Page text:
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Generations Paperback – October 24, 2017
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"Children of Blood and Bone"
Tomi Adeyemi conjures a stunning world of dark magic and danger in her West African-inspired fantasy debut. Pre-order today
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Story: Teo returns to his small Italian village in defeat; he left to pursue a relationship with a man he met online, living in the big city of Milan with the hope to finally be himself. But three years later, he has no job, no income, and his relationship has ended. Now he has to face the family he left behind: the father with whom he clashed when he ran away, the Aunts who he never understood, and the grandmother who always supported him. He knows he cannot return to his father and so chooses to live with his grandmother and three single Aunts, as well as his very pregnant cousin. It's a full house and he's about to be given life lessons as he learns to adapt to his new life.
Although Generations has a gay hero, his lifestyle is not really the heart of Generations. Rather, the book is about Teo finding perspective through the lives of us family. Each of the Aunts has led an interesting life and he soon realizes that he knows very little about them - it's always been about Te0 battling against no one understanding him, when he never took the time to understood everyone else. It's a beautiful juxtaposition that is gently discovered in time. One Aunt was happily married, widowed, and now with no children, one Sunt had a child out of wedlock with a wealthy married man but never married herself, and one Aunt became a spinster. Their personalities are very much shaped by their life situations.
A protagonist so down on his life - dumped, poor, and no place to go - could be a very downer of a book. And there are no miracles to be found here. Teo works with his quirky family as they work with or around him. It is in the slow reveal of the Aunts, his grandmother, and even his cousin that we (and Teo) get a true understanding of life. Yet surprisingly, this is anything but a downer of a book. At not time does the story wallow in Teo's unhappiness or misery. It's about him moving away from taking life one day at a time and instead understanding the long road.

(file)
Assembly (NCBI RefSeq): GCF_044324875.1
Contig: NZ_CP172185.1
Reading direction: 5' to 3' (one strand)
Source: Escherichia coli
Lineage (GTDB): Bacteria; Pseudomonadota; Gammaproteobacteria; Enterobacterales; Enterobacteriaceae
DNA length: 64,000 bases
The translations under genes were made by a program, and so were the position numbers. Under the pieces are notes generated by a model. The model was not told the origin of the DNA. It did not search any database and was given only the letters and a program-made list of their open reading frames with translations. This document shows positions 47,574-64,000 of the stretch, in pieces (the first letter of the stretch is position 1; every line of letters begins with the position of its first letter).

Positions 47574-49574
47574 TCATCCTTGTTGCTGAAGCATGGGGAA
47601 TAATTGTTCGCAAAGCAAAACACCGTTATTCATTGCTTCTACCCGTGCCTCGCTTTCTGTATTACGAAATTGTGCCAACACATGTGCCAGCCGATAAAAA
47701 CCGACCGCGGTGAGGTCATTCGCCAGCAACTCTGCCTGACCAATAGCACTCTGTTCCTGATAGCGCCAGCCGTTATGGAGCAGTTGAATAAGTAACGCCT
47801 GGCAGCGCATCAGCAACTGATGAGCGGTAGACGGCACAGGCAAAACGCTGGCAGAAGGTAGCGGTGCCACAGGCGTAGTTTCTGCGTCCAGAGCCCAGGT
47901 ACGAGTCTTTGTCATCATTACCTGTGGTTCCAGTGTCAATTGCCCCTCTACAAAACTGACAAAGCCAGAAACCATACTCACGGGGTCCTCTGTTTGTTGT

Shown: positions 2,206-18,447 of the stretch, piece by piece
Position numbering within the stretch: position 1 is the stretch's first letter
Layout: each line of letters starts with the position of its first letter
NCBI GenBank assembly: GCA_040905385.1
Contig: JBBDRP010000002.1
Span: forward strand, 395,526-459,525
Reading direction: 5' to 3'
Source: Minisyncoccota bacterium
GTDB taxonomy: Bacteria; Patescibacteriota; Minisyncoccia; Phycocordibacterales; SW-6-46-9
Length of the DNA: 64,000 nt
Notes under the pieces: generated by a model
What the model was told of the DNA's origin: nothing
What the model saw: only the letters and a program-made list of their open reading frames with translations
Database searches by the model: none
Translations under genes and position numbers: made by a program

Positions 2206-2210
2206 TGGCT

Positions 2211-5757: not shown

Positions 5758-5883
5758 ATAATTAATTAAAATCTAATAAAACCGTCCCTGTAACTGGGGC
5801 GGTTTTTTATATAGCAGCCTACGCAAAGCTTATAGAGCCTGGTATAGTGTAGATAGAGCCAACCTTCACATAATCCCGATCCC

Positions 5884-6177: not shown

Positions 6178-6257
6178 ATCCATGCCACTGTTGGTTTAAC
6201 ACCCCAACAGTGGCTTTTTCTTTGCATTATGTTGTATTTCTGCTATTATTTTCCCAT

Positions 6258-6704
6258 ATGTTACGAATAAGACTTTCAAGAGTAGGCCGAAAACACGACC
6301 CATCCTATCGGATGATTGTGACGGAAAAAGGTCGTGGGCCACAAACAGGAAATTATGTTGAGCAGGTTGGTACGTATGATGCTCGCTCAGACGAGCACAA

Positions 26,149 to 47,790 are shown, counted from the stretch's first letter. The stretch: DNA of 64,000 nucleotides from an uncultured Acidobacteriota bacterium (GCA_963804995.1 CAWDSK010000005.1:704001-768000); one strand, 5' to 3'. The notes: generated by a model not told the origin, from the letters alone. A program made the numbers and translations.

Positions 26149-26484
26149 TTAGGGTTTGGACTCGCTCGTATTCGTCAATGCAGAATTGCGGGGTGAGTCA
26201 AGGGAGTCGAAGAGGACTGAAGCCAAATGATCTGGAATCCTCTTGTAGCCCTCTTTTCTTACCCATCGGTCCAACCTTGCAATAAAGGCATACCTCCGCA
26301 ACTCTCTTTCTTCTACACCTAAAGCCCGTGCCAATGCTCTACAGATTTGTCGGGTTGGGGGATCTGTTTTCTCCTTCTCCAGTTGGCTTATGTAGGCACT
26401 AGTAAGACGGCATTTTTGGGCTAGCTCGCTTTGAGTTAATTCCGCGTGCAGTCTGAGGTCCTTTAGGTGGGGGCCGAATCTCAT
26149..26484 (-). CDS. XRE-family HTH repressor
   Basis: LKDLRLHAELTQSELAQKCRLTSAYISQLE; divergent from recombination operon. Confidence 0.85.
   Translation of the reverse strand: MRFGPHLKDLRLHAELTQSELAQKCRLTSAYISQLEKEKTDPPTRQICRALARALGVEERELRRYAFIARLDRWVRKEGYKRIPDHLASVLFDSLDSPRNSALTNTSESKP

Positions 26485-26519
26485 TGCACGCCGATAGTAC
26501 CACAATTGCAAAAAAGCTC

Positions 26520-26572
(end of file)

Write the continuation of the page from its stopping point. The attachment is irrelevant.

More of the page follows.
This is one of the sweetest and most grounded stories I've read in quite awhile. I enjoyed every part of the book - from provincial Italian life to the fascinating (yet not sensationalist or overreaching) backstories that made up the adults. The Aunts are not perfect and made their mistakes, for better or worse. Their experiences are the lessons Teo has to learn in order to really know what he wants in life and how to approach it.
In essence, Generations is about Teo's transition from lost to found. There is no deus ex machina or overdramatic moments. It's a simple yet beautifully told story that keeps you interested, a wonderful look at Italian culture but also the issues that Millennials face in today's world.
You will find fewer allegories as rich yet poetic as Generations does for the Millennial generation. Reviewed from an advance reader copy provided by the publisher.
Matteo ran away from home three years ago to Milan, but now he’s slinking back to his small country town to live with his grandmother and his three aunts. He’s embarrassed that his life hasn’t been working out as planned, he feels like a failure, and he hasn’t spoken to his father because Matteo doesn’t believe dad accepts his coming out as gay.
The art is European, which means to me detailed, with a focus on character expression and unspoken feelings. Yet it’s unique in style, without too many fiddly bits, focusing only on what’s important to tell this story and establish these people as substantial and relatable in a fully realized environment.
The conflict between the mores of a new generation and the hidebound expectations of older people is a timeless one to portray, but Biondi deepens her story by also making Generations the story of Matteo learning a lot about himself, including finding a purpose. He’s been escaping from difficult situations, running away from struggle. Learning to care for his grandmother, a diabetic wheelchair user, has given him new appreciation for life skills. He also comes to understand giving people the benefit of the doubt and being willing to fight for what he believes in.
This is a particularly good read for the teen/young adult market. Matteo’s internal monologue is clear and straightforward about his feelings and how he changes, without being patronizing or sledgehammer-heavy. Although he starts out aimless (and I tend to agree with his self-assessment), I was rooting for him by the end, particularly once he started looking outside himself. Generations is an easy read that sneaks in empathy for Matteo and those like him. (The publisher provided a digital review copy. Review originally posted at ComicsWorthReading.com.)